Wednesday, March 05, 2008

Y'All Come Back Now, Ya Hear?

Deborah Knott is back with more Southern wit and wisdom to dole out to the folks in fictional Colleton County, North Carolina. In Southern Discomfort, the second in
Margaret Maron's series about the 30-something-year-old, we find Deborah accepting a governor-appointed position vacated by the sudden death of Judge Perry Byrd. She is ecstatic about the assignment, even if it means dealing with the same ol' parade of Colleton County's finest delinquents. In fact, Deborah's life is sailing along just fine until she's cornered by Lu Bingham, who demands she pay up on a campaign promise to help WomenAid, a charity that builds homes for indigent women. It's a good cause and all, but it also requires hard, physical labor under the unyielding North Carolina sun. With the help of her handy niece, Annie Sue, it might not be all bad ...

When cocky building inspector Carver Bannerman saunters onto the site with his mirrored glasses and "a salacious leer" (89) uglying up his handsome face, he makes his way straight to Annie Sue and two of her teenaged friends. Although Deborah puts an end to his nonsense, it's not the last she'll hear of him. Not long after meeting Carver, she finds him dead in the WomenAid house. A few feet away lies Annie Sue, beaten, dazed and accusing the building inspector of attempted rape. Unable to contact her niece's parents, Deborah drives Annie Sue to the hospital, where she promptly runs into Nadine, her sister-in-law and Annie Sue's mother. Nadine quickly explains that Deborah's brother, Herman (also Annie Sue's father and Nadine's husband), has had a heart attack. When it is discovered that Herman's condition is a result of arsenic poisoning, it throws a throws a new light on the whole, ugly situation.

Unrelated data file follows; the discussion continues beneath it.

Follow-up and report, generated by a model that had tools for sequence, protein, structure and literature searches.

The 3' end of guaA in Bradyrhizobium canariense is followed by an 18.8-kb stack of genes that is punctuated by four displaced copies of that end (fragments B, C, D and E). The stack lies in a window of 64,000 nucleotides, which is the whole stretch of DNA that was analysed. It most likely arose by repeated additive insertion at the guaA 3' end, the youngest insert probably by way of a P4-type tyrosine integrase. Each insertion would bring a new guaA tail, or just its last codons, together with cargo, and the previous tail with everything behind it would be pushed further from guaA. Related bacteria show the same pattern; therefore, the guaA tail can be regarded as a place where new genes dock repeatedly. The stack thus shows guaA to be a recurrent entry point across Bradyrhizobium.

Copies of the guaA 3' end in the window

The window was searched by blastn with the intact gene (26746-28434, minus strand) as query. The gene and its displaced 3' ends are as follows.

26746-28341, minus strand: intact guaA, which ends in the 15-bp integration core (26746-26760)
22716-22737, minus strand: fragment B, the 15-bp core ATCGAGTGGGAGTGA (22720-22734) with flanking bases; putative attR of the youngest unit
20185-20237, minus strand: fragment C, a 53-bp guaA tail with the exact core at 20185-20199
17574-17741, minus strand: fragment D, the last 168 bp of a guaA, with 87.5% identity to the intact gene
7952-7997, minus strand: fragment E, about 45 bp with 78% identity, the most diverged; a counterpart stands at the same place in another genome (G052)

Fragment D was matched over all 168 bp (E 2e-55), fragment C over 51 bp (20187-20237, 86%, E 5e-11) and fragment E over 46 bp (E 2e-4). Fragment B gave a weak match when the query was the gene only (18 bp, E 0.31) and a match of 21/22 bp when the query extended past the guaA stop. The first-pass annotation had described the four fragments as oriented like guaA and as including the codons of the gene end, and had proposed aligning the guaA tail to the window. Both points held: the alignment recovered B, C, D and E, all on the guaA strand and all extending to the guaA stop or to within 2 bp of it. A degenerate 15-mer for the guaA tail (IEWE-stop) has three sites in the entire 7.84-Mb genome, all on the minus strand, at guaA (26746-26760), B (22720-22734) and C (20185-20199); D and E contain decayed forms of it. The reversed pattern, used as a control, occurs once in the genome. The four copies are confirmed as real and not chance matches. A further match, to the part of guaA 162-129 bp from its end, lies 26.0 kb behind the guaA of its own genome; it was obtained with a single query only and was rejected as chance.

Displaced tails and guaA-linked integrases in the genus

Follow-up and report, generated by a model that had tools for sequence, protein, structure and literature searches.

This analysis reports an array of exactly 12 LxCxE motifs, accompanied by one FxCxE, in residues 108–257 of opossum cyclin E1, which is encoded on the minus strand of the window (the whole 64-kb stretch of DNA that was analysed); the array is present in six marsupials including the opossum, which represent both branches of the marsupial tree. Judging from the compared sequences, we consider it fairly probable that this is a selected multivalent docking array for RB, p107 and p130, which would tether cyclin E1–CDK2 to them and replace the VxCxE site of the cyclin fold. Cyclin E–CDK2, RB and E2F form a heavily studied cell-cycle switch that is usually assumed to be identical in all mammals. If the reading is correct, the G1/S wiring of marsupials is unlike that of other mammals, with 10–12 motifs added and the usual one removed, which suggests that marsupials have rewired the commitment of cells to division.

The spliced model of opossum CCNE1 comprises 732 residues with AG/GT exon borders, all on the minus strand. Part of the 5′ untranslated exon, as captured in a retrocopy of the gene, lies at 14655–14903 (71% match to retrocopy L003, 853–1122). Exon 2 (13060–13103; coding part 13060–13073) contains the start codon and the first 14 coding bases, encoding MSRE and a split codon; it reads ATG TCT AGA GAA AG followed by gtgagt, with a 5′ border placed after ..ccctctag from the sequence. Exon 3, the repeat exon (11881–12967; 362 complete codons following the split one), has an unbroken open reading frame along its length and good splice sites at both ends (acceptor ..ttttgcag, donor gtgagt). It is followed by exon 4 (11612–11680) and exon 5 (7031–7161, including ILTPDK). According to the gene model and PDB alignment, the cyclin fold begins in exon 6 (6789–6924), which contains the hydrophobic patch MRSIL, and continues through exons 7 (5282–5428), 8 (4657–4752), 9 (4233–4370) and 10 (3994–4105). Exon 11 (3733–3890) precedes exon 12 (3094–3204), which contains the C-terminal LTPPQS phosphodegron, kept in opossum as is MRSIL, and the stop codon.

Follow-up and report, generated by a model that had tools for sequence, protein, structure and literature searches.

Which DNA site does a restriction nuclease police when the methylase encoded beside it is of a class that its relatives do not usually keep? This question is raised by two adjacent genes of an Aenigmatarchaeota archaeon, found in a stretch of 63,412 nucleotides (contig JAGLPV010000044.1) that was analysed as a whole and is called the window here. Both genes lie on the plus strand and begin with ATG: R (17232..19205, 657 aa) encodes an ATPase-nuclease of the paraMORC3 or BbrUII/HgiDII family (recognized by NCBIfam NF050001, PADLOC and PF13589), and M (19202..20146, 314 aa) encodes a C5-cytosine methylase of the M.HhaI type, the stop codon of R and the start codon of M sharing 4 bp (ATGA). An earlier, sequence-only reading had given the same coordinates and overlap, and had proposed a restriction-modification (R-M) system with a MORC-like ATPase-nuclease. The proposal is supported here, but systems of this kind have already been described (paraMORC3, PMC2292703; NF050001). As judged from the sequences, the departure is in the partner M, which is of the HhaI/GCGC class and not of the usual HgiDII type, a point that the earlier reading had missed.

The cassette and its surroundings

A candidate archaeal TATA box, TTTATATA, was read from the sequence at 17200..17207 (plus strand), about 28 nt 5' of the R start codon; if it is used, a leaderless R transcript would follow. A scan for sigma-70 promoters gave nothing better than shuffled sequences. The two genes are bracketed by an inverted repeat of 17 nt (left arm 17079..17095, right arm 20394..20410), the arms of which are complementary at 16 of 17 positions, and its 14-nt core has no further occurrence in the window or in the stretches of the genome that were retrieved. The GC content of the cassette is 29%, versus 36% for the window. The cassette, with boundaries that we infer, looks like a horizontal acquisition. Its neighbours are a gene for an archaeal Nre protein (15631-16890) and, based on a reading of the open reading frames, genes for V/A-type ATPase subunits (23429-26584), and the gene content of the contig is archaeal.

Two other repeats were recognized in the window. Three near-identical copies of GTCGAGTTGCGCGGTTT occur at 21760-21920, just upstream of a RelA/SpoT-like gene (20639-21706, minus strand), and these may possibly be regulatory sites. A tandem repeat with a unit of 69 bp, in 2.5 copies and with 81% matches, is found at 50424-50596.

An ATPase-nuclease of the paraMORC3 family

Carver's killer is soon found (you won't be surprised by his/her identity), but a bigger mystery is uncovered when it is discovered that the virile young man had arsenic in his system too. Who had reason to poison both Herman and Carver, especially when the two men barely knew each other. Is it the owners of The Coffee Pot, the only establishment at which both men ate? And where is the proprieters' no good son-in-law anyway? Or could it be Kimberly Norris, bitter because someone else got the WomenAid house, even though she was most deserving? As Deborah and her buddy Deputy Dwight Bryant investigate the poisonings, some ugly truths began to emerge, some of which just might concern Deborah's brother, Herman. When it all comes together, you'll be just as surprised as I was. (The revelation of the poisoner startled me, even though I had a pretty good idea who it was. Turns out, I was wrong - close, but wrong. I hate it when I guess the identity of the bad guy in a mystery, because that usually means it isn't very well written, seeing as how I never was a very good Nancy Drew.)

Southern Discomfort is an excellent read; in fact, I liked it better than Bootlegger's Daughter. It has all the enchantment of its predecessor - quaint Southern talk; a noisy, colorful cast; an intriguing mystery - and a much better plot. It's a worthy addition to the Deborah Knott series, and I can't wait to read more. I'll be coming back to this series again and again, y'all can be sure of that! I think my Southern talk may need a little work, though...

Grade: A

2 comments:

  1. You're doing fine with the southern talk (says I, a southerner). Glad you enjoyed this. One of my favorite things about the Judge Knott mysteries is Deborah's family. They are many, many, many and you get to know a lot of them through these books. This series is a must-read for me.

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  2. Welcome back from sunny Cali! I hope you had fun. I'm glad to have you review this mystery. It's Mystery Madness in my book group and we all have to choose a mystery of our choice and report on it, sort of a like a book commercial!! This might make a great book! Thanks for the plug!
    Welcome back to laundry and reality!

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